We had another kid get hurt, too. On his first at-bat of the season, he beat out a grounder to first, then on the overthrow turned for second and ripped his hip-flexor muscle away from the hip, taking some bone with it. It may be a long season without him. He is the spark on the team, the leader and leadoff hitter/short stop. We’re hoping he recovers fully, though he might be out for the season.

Nolan had two hits in four games, a couple of singles. He only hit one ball out of the infield (a flyout to center), ripped a liner into the 3-4 gap, and beat out a grounder for his singles. He drew 4 walks, stole a couple of bases. Not his usual offense, but toward the end he started getting his stroke back.

Although he didn’t pitch in the tournament, we worked a light BP on the Friday before. He was experimenting and found a CU grip he likes, and the ball moves like it has a mind of its own. About 5 feet from my glove the thing takes a right turn and sits down. I’m encouraging him to work on it so that he can throw it where he wants, it could be a devastating pitch for him. He doesn’t seem to be able to throw a cutter that cuts, so he needs something to throw that works off of his fastball. His velo continues to improve, I think its back to about where he was at the end of last season, but he’s leaving a lot of speed out there. He should be pitching tomorrow for his JHS. We’ll see how he does.

Hose

Nolan didn’t pitch for his JHS team this week. This past weekend we went to a wood bat tournament on the other side of the state. Nolan pitched 4 innings, and only gave up 1 hit…a 3 run homer.
[qt]http://www.geocities.com/hoseman18/nolanmlwood2008.mov[/qt]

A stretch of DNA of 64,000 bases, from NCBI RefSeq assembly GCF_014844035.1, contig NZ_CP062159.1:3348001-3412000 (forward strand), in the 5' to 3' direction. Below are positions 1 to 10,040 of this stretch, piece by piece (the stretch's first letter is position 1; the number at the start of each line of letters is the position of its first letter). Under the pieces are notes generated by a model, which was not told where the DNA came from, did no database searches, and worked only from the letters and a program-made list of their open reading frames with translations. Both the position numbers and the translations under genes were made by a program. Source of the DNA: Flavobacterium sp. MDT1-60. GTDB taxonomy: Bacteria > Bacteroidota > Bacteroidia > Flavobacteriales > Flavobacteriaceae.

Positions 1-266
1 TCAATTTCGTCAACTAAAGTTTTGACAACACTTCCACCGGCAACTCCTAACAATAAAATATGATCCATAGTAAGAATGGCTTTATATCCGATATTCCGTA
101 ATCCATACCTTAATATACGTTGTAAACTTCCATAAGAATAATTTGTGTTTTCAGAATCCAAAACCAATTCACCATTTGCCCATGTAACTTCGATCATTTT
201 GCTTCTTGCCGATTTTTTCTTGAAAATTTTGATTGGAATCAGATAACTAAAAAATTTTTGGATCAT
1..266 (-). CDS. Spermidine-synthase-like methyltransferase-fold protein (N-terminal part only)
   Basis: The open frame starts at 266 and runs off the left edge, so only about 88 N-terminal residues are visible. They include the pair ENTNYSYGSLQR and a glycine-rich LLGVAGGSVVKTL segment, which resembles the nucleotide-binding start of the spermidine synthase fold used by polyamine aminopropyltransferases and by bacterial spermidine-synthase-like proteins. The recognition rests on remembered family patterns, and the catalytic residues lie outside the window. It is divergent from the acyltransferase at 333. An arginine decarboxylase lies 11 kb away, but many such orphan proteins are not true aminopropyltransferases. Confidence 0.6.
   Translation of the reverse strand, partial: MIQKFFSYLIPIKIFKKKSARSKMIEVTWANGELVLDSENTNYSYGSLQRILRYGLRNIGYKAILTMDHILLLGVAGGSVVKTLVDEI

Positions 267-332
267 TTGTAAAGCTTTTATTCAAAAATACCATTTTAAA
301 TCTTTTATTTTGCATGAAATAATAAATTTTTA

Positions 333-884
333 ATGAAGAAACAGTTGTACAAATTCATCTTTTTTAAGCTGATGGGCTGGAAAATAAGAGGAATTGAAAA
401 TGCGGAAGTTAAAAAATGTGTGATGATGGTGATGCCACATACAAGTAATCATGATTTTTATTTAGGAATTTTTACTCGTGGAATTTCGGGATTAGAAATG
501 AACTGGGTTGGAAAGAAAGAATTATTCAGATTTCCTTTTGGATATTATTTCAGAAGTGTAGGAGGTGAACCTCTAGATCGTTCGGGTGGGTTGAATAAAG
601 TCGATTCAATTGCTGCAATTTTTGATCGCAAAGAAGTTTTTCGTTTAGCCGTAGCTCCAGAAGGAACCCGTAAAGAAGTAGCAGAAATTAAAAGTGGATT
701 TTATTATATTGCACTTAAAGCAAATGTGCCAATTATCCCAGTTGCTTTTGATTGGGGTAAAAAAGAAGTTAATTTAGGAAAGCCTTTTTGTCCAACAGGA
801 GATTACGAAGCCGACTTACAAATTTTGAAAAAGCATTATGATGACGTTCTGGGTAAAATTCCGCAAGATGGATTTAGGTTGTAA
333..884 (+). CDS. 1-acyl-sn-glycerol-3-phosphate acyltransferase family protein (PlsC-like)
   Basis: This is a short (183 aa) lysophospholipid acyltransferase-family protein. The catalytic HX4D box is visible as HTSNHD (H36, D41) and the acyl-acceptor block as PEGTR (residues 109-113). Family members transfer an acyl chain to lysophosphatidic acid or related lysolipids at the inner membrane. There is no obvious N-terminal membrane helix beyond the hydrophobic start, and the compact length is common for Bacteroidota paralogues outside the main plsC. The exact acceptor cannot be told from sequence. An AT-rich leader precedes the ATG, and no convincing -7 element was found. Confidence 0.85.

His 15u team was playing a team of 16u All Stars and of course Nolan got the call. He faces the toughest teams and its good for him. It often means he has to battle, which makes him a better pitcher.

He was throwing well and hard, 82-85, with a good curve. He set the opponents down without an earned run the first three innings, but as he came out for the 4th, he was missing his warmups inside and high. Then he struck out the first two hitters. Then he hit the next 2 hitters. Ugh. Normally he has very good control, missing up occasionally, but rarely that far in. The other teams big bat came up and ripped a 3 run homer over the right field fence. If they had been using aluminum bats, that thing would still be traveling! lol as it is, the stewardess on that flight got home for dinner. As I said, sometimes Nolan misses high in the strike zone.

He came back to strike out the side on the next batter, but damage done. The kid he was facing on the bump was a High School all-star, and he no-hit my boy’s team. Nolan got no at bats that game as they DH for the pitcher.

The line: 3 earned on 1 hit, 2 hit batters, 1 walk, 6 K’s, in 4 innings. Two errors and one bad call on a play at first accounted for two other unearned runs.

Over all, not bad for a team’s first wood bat experience. They ended up 2 and 2, Nolan went 2 for 7 with a triple, infield single, 2 walks. He didn’t hit the ball hard the first day, but the second day he hit two shots to short and a line drive down the right field line that was caught on a very good play by the right fielder who had been cheating towards the line. The next at bat, Nolan picked up the runner on 2nd with a triple, and then scored on the next pitch single up the middle.

Good tournament, the summer is heating up.

Hose

Nolan went 1-2, double and a walk, scored two runs. He beat out an infield hit, but the ump called him out on a bad call.

He went 6 1/3, struck out 4, 2 walks, 6 hits, 6 runs - 3 earned. Not great, but getting better. His velocity is back up to low 80’s (Jug’s gun had him at 81 in the 6th inning) and his curve is over for strikes (umps in this league act like they’ve never seen a curveball and have trouble calling it for strikes).